You probably know the Katy Railroad Historical Society is having their annual convention in Katy, Texas this year from 4/27 to 4/29. And you’ve probably heard that UP 1988, the Katy heritage engine, has just received a fresh coat of red paint. And you certainly are aware that the UP has graciously moved it to Katy, Texas for display in support of the Katy Railroad Historical Society convention. Good.
To join in the celebration of all things Katy, here’s a TrainOrders.com post of mine from 12/21/2007. Pretty hard to believe that it’s been 10 years ….
The QHONL 21 has just departed the top end of Settegast and is approaching Pierce Yard on the near North side of Houston.
West of Pierce Yard, the UP 1988 heads into more favorable sunlight as it approaches the US 59 overpass where your photgrapher suddenly and unexpectedly had idiopathic car trouble. Most fortunately, the car trouble cleared up as soon as the train went by.
So I had a job in Beaumont,TX last Friday, 4/21/2017. I was able to do a bit of railfanning there in the afternoon. Highlight of the time I was there was seeing the ZLAJX train pull up to a stop right next to me to await the arrival of an APABVR empty autorack train.
You don’t see too many Z trains with only one unit, much less one ancient, nearly 22-year-old ex-SP AC4400CW. UP 6318 was SP 280 in a previous life. Any shots out there of SP 280 from back in the day?
Nice to see the the trust UP has in this old warrior. Or was the power planner feeling lucky?
Light angles weren’t ideal, but the subject matter was!
Last Saturday, 4/15/2017, I’d received word that a LORAM rail grinder was approaching the Houston area, southbound on the BNSF Galveston sub. Because rail grinders aren’t the best looking traffic on the rails, I didn’t worry much about chasing it down.
As it was a mostly cloudy day, I hadn’t gotten out until mid-afternoon to do some errands. We were driving west on Hwy 90-A after shooting a few images of a KCS grain train at the east end of Harlem (CP SA029-UP Glidden sub).
ATCSMon showed an eastbound approaching, but I didn’t worry about it because of the clouds. When the headlight came into view, it seemed odd. As the train passed us, I could have sworn I was looking at a European passenger train!
No time to ponder what I had just seen, I made a quick u-turn in order to attempt a shot of this odd train. I managed to get ahead of the rail grinder right before the Hwy 99 interchange. It wasn’t the best of locations, but there was a bit of sun at the moment and something is better than nothing.
BNSF symbol UCBLHOU-13 near the east switch of Harlem, TX:
That’s the best looking rail grinder ever, the polar opposite of the grungy ones I’ve seen previously. It appears to be brand-new, travelling from LORAM’s manufacturing plant in Hamel, MN to the Port of Houston for shipment to Network Rail in the UK. Network Rail is the owner and infrastructure manager of most of the rail network in England.
Views of some of the components of the rail grinder:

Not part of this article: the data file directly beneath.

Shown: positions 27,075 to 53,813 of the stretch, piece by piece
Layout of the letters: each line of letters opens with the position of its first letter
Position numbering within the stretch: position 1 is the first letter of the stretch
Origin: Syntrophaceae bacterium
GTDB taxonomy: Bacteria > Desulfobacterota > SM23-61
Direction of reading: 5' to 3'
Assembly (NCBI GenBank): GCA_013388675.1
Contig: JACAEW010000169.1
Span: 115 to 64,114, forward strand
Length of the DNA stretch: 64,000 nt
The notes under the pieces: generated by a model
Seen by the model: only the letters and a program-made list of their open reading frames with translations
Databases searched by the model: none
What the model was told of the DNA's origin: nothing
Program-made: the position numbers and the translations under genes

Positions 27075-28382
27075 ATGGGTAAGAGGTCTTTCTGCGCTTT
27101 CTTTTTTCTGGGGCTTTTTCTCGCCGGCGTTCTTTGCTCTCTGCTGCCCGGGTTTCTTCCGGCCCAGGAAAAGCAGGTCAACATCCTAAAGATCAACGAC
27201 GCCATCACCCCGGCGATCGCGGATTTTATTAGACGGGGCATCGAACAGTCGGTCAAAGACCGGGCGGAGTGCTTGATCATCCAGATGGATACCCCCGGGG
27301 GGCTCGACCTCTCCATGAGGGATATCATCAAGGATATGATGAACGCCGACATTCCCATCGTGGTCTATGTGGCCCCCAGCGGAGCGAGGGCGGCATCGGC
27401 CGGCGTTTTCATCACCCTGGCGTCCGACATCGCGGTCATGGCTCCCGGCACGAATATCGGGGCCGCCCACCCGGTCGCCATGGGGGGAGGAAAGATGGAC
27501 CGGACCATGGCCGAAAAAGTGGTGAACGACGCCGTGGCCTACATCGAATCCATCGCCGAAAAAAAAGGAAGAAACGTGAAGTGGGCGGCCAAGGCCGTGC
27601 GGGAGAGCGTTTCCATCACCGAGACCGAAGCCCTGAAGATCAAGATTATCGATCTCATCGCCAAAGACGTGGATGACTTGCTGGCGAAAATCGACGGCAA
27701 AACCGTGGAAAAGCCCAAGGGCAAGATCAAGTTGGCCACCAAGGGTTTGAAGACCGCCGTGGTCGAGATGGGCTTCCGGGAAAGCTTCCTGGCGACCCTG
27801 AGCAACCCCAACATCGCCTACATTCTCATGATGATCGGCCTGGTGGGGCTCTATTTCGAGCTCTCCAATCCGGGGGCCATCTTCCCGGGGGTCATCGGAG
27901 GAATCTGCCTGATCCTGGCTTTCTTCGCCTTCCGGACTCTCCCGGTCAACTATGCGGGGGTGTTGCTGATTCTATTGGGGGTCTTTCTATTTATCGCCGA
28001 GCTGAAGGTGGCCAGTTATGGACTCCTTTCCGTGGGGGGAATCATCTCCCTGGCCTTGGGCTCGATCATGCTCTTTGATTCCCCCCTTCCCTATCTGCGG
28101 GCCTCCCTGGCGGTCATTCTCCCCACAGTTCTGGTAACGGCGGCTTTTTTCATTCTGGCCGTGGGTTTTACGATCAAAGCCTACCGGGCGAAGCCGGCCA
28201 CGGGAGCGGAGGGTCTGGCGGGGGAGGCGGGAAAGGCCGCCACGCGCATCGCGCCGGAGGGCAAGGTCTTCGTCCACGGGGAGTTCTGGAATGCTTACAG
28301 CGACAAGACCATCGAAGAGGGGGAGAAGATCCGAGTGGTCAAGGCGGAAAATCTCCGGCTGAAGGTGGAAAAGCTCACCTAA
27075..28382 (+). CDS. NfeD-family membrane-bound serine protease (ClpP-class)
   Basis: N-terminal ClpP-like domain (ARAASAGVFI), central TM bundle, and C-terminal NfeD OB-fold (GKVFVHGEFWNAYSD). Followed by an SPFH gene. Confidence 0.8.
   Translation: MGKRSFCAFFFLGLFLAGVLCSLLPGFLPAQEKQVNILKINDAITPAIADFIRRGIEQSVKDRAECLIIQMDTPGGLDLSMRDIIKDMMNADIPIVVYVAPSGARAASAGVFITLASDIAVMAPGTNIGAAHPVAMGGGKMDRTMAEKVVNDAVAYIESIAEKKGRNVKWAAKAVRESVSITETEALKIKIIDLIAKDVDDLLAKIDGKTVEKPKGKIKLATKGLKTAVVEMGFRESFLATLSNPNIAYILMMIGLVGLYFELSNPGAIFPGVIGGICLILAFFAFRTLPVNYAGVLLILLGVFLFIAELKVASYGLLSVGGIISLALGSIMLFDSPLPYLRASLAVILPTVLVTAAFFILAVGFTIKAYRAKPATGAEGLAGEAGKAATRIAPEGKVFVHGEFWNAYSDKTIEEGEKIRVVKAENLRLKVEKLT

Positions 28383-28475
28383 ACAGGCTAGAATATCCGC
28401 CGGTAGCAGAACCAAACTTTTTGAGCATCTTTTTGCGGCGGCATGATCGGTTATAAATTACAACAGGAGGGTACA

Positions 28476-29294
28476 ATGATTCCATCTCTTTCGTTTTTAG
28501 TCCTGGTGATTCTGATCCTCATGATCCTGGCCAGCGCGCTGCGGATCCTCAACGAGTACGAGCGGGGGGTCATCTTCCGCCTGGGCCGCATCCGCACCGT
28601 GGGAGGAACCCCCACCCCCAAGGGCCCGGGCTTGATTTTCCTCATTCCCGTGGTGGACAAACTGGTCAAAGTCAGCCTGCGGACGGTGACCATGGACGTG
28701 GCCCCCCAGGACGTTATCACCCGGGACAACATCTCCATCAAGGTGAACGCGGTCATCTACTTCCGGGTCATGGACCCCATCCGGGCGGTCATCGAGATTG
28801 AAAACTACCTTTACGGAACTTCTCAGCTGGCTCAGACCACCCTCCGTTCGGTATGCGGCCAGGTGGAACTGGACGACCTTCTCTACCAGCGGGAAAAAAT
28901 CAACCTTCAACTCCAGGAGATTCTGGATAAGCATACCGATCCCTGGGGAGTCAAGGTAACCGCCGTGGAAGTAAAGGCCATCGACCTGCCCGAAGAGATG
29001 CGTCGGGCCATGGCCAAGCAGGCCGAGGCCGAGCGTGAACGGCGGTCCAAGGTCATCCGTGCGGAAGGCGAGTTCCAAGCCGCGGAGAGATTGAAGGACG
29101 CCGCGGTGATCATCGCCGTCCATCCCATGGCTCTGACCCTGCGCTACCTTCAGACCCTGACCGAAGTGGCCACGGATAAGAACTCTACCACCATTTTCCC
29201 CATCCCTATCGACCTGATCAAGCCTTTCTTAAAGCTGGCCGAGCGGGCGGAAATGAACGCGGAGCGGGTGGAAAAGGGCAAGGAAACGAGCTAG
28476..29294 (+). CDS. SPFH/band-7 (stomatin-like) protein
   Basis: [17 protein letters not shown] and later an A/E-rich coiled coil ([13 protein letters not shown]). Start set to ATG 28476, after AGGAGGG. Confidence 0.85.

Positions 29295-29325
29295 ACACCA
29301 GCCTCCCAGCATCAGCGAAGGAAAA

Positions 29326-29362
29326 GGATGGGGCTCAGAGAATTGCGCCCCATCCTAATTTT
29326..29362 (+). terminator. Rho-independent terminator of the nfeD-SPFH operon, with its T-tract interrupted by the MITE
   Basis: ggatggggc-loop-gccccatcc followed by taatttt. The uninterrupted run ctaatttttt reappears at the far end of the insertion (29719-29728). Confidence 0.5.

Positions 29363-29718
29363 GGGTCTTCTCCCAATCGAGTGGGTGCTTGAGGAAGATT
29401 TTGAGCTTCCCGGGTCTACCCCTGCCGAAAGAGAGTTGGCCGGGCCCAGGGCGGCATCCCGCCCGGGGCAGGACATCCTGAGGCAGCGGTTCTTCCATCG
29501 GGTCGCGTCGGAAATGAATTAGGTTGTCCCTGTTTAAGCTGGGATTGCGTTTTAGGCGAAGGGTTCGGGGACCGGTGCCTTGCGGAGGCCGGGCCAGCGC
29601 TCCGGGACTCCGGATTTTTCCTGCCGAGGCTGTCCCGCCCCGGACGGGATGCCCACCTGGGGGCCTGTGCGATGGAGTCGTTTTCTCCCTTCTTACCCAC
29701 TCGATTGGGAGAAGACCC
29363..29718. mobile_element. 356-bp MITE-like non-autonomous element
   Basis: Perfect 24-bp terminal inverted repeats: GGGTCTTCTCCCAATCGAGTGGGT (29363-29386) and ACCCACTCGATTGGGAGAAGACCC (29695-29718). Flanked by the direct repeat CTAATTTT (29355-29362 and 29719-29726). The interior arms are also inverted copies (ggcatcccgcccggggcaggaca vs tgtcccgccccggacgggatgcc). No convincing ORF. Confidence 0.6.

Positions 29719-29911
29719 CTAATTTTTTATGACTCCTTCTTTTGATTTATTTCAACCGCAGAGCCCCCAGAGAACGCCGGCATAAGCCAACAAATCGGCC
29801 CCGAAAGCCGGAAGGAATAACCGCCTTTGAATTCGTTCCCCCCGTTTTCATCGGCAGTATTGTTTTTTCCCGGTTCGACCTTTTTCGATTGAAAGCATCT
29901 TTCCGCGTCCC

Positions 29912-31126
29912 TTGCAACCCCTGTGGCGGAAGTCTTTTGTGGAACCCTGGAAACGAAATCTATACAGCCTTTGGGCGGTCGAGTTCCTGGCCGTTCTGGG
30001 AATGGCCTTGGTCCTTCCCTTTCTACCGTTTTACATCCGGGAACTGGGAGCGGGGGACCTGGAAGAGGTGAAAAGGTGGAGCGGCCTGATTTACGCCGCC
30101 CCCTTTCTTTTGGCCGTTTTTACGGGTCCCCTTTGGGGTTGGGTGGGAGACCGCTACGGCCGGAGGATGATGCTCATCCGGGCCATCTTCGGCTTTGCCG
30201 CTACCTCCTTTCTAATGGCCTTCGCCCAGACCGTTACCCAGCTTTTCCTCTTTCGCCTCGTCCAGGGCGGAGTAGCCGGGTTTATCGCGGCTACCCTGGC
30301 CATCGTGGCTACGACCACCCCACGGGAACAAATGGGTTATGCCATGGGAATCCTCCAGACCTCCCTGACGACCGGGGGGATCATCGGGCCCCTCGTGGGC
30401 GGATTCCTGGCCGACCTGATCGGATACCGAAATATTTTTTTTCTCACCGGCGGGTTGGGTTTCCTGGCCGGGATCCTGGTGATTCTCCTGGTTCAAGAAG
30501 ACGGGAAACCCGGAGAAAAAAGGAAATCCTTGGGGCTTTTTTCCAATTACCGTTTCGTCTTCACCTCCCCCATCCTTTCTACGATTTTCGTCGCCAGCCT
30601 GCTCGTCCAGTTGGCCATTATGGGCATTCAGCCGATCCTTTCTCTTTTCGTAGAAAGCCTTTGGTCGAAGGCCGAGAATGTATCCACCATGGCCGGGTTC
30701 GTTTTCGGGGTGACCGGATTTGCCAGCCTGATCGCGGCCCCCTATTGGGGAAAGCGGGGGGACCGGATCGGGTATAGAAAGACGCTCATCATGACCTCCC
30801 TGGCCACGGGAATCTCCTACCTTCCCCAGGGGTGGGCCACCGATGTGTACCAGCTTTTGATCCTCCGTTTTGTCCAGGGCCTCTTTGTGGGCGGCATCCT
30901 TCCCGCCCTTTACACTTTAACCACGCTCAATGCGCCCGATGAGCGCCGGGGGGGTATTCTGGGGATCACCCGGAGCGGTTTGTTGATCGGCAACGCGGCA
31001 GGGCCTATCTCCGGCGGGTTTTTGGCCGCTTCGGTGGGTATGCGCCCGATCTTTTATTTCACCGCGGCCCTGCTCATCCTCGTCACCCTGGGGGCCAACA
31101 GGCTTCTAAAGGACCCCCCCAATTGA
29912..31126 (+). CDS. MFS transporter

The decision to shoot this at a less than perfect location proved to be a wise one as a 2 minute wait at the traffic signals at Hwy 99 allowed the train to get so far ahead of us that chasing it into Houston would be a futile endeavor.
We all know that the surveillance state is everywhere, but it becomes quite real when you find yourself caught in the act.
This past 1/3/2017, I ventured out to catch a few trains. I found myself in Missouri City, TX along UP’s Glidden sub waiting for a westbound train that was on my ATCSMon.
As I was waiting, I noticed a small car with a strange apparatus on the roof. As it passed by, I saw that it had Google logos on it. I suspected it might be doing streetview imaging so when I got home that evening I made a note in my calendar to check Google maps at a later date.
Meanwhile, I busied myself with the arrival of KCS 3952 with yet another Mexico-bound manifest.
Fast forward to today when my calendar app prompts me to look up the street address of the above images:
Click here: 1940 US-90 ALT Missouri City,Texas
What do I find?
Yours truly in flagrante delicto. Allegedly…
Between weather and work, there haven’t been any photo-ops in a week. Even though we’re getting into the high-sun time of year and lots of clouds out this morning, I decided to try my luck and catch Amtrak #2 this morning on its approach to Houston.
After considering a few other spots, I settled for the curve at Stafford, TX, near MP 20.5 of UP’s Glidden sub. As I got to my spot, I heard a westbound freight blow for the Gessner Road crossing one mile east of me. I wasn’t worried because I knew #2 was lined on main 2, the track nearest me, and my shot wouldn’t be blocked by the freight.
Then again, maybe I can get a meet. But the odds are not in my favor because both trains are moving, #2 at track speed and the freight train, not so much because I could hear its power struggling before it came into view.
As the block signal lit up for #2, the freight train came into view, a KCS manifest. It was struggling to do 15 mph for some reason. I knew #2 would come into view any second, so I started walking along the ROW toward the KCS train to give myself the best chance at getting both trains in the frame with the best light possible.
As I got to the block signal at CP SA020, #2 came into view, doing a good 60 mph. I started shooting #2 as it entered the big curve, this shot at 11:46:53.
I could hear the westbound KCS train right behind me, nothing to do but zoom back with #2 in the frame and see if the KCS train would enter the frame. This shot was at 11:46:55, with KCS 4686 / QJATL entering the right side of the frame an instant before AMTK 47 would have blocked it. Bingo!